This is the reason Elon Musk has rockets and you don’t


Elon Musk pretends to know shit about rockets.

Listen, your brain is very good at two things:

  1. making structure out of unstructured data
  2. finding patterns in structured data

The brain is great at figuring out how to organize streams of unknown data, and we call this process understanding.

The brain is great at recognizing patterns in ready made structures, and we call this process grasping.

However,

the brain is awful at understanding structured data, unless it created the structure for that data.

For these reasons, whatever you learn:

  1. start in the middle
  2. jump right in, a.k.a. act as if you know
  3. expose yourself to data
  4. use your senses
  5. always look for real world reference

1. Start in the middle

The joke is that this is the reason why Star Wars succeeded, because they started with episode four. We don’t know that, nevertheless, try not to start with the basic stuff. Go for the middle of the subject matter.

Try to figure it out by referencing the beginning. Don’t go too advanced either, because you’ll loose track of explanations on top of explanations. But, in general, the interesting factor of a subject is at medium difficulty, and the amount of “interesting” is what makes the learning reinforcement feedback fire.

2. Jump right in, aka act as if you know

This is the golden rule of learning, in my book. I think this is what keeps most people at bay when subjects hit their life and they need to learn:

Figuring out every single detail. That is the recipe to quit.

The rule? Skip it and plow ahead.

Plow ahead, expect bruises and blunders, but act as if you understand. Don’t let yourself be pinned at some level because you don’t get it. Don’t be disappointed if it doesn’t make sense, read on, it will.

We have background processing. All learning is exposing our brain to tons of structure made by others. Finding the patterns inside manuals of theory is hard work, but while you stream data in today, the yesterday’s stuff is still being worked on.

In nature we don’t need to know what the bark of trees or the fur of cats is made of. We know that somehow they are similar, even if very different. We, and many big brain animals, skip and plow ahead with trying to grasp more and more general patterns. And there is a point where it suddenly makes sense, and you think retrospectively and that past reading makes sense.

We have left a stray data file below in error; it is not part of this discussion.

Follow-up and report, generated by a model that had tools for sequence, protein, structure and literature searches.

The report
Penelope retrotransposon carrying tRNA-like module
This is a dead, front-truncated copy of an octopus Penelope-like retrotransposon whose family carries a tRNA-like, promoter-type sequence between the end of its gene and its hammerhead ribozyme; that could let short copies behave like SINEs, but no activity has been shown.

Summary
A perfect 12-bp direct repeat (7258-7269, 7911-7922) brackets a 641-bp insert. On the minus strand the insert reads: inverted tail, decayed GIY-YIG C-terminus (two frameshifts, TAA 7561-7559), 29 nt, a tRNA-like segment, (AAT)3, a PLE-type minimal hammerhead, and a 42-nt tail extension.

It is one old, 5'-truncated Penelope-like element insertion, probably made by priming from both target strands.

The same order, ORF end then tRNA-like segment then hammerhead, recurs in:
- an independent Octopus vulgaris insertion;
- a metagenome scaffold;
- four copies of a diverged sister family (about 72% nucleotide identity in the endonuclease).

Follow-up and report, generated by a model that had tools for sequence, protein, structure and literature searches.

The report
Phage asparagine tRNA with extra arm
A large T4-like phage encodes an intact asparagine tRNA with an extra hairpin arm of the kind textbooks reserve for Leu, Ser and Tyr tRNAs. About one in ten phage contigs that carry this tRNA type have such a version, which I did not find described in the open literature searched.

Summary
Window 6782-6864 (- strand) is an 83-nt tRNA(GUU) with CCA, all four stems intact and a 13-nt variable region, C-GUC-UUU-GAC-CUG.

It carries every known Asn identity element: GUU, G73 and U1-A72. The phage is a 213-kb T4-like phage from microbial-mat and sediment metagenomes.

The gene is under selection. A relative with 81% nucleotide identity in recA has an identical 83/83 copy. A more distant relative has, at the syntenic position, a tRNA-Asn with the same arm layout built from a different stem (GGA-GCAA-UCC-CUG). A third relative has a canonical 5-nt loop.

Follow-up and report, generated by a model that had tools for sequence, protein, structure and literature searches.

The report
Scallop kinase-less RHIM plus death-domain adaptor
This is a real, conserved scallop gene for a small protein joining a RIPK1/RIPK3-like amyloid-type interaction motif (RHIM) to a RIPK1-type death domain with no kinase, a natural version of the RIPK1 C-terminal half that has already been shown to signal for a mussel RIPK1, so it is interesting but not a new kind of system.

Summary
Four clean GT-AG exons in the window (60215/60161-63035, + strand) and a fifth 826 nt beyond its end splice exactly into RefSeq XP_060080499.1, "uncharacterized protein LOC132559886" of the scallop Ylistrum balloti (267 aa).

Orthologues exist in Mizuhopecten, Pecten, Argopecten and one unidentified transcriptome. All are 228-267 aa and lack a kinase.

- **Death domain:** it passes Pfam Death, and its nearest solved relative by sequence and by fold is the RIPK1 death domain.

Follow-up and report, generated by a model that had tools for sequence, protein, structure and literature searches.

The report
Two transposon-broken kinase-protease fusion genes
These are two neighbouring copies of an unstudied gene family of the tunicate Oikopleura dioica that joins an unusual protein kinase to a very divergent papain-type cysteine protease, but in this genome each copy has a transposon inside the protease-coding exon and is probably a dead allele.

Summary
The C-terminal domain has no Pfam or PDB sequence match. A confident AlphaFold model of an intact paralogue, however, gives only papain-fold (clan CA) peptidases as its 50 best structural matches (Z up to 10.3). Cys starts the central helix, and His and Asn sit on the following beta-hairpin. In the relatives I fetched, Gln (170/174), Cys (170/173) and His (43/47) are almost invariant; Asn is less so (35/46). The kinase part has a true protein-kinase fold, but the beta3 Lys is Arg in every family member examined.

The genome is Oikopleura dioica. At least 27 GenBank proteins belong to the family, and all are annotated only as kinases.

This is also the rule of least resistance. That fog of the mind is when we’re keen on grasping things way too early. Let it go. Let it gooo. Let it goooooo. Le … Damn you Disney.

3. Expose yourself to data

Learn a language? Sing their songs. Learn physics? Read on near phenomena like rain or lightning, or why water makes drops, or why dew forms.

Whatever you learn, use data as soon as it reaches you to connect to things you already know. There is nothing more memory forming than this, since it is so close to how direct experience happens.

4. Use your senses

Brain’s organization of data streams is not based on a priori systems. It is basic embedded biologic systems at work doing the same thing over and over, until data split in thin vertical silos begins to show connecting features between them.

Our brain’s organization of data is an internal process developed for our senses and the data they keep streaming in. It is actually optimized for that kind of raw data, and less so for structured reading of theory or formulas.

Therefore, whatever you learn, do your best to both see and hear and as much as you can touch or smell the subject. Math can be touched, make paper models of concepts, math can be smelled, all perfumes are algorithms. So if math can be enjoyed by all five senses, anything can.

5. Always look for real world reference

Take geometry. That is the best example, geometry is everywhere, it is easy to make real life stories to illustrate concepts. But, take trigonometry, the classical example of “too much too early”, where concepts are disconnected from reality until later on.

This means:

always make up a story.

If the textbook doesn’t help, well, do research! See what the hell is this thing you’re boggling your mind with used for anyway.


Overall, remember, this thing we call “learning” is not natural.

Learning as a self disciplined action is unnatural. You force yourself to be vulnerable, isolated, and exposed to things you don’t understand, repressing fear with your frontal lobe censorship of emotion.

What nature intended as learning is what you require very little effort for: figuring out reality. You are doing it.

You have a brain that is the best real time three dimensional image processing system yet, you have processes such as facial recognition and social cue filtering that work around the clock, you dream, you are a perfect motion machine, you remember vast amounts of data since you were born, so don’t ever, ever, ever feel intimidated by books, especially text books.

Textbooks are best attempts to put on paper the way other people figured out stuff. This is hard and most textbooks suck.

We only understand what we experience and we only grasp what we’re taught.

P.S. If you are an author of learning material, try and do this: build patterns that grow from the center to outside and explain them upfront as the key to the knowledge ahead.

Also, click the heart, even though I am unsure of the effect of it anyway.